Maurice Jones Was A Constant For The Trojans, But Was Typically Inefficient (Brendan Hui, Daily Trojan)

What Went Right

Well. The season did end. Eventually. After a school-worst 6-26 record that included one win in the final 20 games.


As teammates fell by the wayside around him, freshman wing Byron Wesley stepped up his game scoring in double figures in 11 of the final 13 games and averaging 13.9 points and 5.7 rebounds over that stretch while establishing himself as one of the best defenders on the team. And, like Jones, he was an ironman for the team, playing in 85.8% of his team’s minutes.

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Pac-12 Morning Five: 03.21.12 Edition

Posted by AMurawa on March 21st, 2012

  1. The news just keeps getting worse for Arizona State and Herb Sendek, as on Tuesday it was announced that leading scorer Trent Lockett had asked for a release from his scholarship in order to transfer to a school closer to his home. The news isn’t very good for Lockett either, however, as the reason he is headed out is to be closer to his mother who recently found out she has cancer. Lockett is well on his way to graduating, having taken 20 or more credits in recent semesters, so he should be able to play immediately at the school of his choice next year. We speculated as far back as the end of November that this might be an eventuality for Lockett and the Sun Devils, but the manner in which this has gone down is certainly a sad one. We wish nothing but the best for Lockett and his family. But, as for ASU, this is now three players from this season’s already significantly undermanned squad who have just since the end of the season announced their intentions to transfer, making it 12 players in four seasons who have left Sendek’s program early.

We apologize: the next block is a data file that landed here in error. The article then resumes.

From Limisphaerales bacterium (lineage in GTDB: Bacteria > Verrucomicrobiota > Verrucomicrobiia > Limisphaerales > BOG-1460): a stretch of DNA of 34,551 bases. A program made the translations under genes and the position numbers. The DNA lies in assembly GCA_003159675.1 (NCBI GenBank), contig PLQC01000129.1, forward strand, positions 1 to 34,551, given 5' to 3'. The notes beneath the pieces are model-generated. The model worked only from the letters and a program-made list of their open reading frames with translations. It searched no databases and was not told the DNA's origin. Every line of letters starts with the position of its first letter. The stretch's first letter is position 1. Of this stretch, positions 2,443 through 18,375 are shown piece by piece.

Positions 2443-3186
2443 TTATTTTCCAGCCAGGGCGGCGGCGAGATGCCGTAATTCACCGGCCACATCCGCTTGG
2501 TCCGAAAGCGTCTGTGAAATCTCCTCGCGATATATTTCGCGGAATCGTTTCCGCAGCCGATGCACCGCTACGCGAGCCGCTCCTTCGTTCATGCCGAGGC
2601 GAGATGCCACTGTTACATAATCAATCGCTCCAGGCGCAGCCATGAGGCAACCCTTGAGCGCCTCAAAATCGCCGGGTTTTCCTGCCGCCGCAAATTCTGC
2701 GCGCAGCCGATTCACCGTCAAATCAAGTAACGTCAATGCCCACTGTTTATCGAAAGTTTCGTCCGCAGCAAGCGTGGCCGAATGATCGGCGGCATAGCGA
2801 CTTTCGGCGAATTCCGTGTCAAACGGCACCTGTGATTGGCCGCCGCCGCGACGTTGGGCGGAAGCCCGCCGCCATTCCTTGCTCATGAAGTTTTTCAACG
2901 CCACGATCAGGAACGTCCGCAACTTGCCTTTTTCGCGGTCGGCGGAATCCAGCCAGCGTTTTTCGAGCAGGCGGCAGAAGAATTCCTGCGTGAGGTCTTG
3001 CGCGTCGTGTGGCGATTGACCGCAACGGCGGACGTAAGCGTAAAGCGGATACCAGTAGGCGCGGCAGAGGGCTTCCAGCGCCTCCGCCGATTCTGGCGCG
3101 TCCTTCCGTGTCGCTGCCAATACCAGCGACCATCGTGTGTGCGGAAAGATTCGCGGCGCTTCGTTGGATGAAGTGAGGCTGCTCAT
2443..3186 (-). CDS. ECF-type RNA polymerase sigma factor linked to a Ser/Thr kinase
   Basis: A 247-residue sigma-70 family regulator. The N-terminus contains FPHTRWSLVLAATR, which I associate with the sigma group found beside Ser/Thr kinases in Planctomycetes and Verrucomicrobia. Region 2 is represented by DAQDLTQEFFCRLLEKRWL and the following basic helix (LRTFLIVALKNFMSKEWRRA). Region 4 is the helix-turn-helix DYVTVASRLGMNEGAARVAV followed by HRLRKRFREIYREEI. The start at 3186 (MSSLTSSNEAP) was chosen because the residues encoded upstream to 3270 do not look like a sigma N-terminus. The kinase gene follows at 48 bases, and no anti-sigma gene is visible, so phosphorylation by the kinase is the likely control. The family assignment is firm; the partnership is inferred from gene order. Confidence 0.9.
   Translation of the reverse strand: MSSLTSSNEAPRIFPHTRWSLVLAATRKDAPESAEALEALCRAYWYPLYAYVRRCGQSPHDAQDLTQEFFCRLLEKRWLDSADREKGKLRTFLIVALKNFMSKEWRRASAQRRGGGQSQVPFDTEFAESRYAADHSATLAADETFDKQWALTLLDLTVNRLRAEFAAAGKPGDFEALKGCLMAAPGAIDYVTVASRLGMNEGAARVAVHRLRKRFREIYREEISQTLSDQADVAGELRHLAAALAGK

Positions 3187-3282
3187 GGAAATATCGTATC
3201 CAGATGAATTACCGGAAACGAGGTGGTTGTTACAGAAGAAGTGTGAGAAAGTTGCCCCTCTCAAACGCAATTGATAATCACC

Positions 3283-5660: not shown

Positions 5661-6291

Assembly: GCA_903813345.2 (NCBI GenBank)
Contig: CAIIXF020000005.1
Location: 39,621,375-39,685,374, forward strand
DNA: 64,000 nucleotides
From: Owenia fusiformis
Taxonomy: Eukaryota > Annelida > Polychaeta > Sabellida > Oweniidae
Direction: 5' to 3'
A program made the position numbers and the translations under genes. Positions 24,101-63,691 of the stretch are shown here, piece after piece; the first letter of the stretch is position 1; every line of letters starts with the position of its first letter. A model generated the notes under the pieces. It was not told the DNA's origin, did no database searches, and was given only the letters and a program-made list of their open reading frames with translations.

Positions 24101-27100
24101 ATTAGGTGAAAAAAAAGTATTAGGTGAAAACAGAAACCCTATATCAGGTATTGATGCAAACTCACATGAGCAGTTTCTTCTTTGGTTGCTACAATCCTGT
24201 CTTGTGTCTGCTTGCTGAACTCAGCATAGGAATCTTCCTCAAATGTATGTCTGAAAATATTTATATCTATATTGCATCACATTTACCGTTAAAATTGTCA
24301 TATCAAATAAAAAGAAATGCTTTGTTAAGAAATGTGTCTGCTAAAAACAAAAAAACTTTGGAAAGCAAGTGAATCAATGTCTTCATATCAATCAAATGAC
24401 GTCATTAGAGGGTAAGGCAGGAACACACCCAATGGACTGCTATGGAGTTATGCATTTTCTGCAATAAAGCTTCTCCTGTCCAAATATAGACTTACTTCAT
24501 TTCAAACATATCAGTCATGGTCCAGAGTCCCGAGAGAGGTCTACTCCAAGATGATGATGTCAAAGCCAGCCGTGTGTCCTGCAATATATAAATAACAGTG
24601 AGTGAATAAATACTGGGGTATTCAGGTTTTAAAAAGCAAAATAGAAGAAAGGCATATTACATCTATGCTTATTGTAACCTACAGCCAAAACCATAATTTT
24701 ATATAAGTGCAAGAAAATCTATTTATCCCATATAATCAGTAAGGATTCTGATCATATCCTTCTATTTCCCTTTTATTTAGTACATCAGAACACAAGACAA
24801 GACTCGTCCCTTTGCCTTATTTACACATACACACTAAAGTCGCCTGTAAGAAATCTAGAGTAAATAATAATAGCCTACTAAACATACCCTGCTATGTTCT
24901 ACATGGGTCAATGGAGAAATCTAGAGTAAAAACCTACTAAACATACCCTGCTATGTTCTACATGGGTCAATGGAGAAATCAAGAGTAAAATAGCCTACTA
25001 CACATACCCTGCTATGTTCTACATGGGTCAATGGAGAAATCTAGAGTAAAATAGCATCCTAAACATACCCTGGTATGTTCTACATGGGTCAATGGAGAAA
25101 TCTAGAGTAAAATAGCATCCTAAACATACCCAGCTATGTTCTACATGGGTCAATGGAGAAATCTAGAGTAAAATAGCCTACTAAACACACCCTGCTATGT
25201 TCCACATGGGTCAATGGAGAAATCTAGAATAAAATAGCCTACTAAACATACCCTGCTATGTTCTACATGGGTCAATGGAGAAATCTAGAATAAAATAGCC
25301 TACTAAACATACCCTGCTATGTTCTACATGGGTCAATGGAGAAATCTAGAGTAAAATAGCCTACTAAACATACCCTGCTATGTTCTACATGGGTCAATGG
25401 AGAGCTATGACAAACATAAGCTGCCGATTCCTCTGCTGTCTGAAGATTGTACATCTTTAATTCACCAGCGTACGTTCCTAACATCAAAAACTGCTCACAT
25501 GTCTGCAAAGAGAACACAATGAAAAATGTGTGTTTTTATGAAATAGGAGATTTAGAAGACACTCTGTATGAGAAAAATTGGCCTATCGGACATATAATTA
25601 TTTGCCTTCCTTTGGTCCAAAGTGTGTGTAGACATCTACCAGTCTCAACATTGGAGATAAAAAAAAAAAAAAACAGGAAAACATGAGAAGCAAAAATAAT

2. ASU isn’t the only school dealing with multiple transfers. USC announced on Tuesday that Alexis Moore and Curtis Washington would both be transferring out of the program. Moore was a freshman this season who played in every game and came into the year with a reputation for being an excellent three-point shooter, although he struggled mightily with his shot this season, especially in conference play. Washington did not play at all this season after injuring his shoulder on that fateful Trojan trip to Brazil, a trip that also saw senior point guard Jio Fontan go down with a season-ending injury. Washington played a total of 11 minutes in three games in his freshman season at USC. Of the two, the loss of Moore is the bigger issue, as he earned plenty of experience as a frosh and could have turned into a nice asset for Kevin O’Neill in later years. With the previous announcement that Garrett Jackson would also be transferring out, a USC team that was expected to be deep next season is suddenly hemorrhaging players.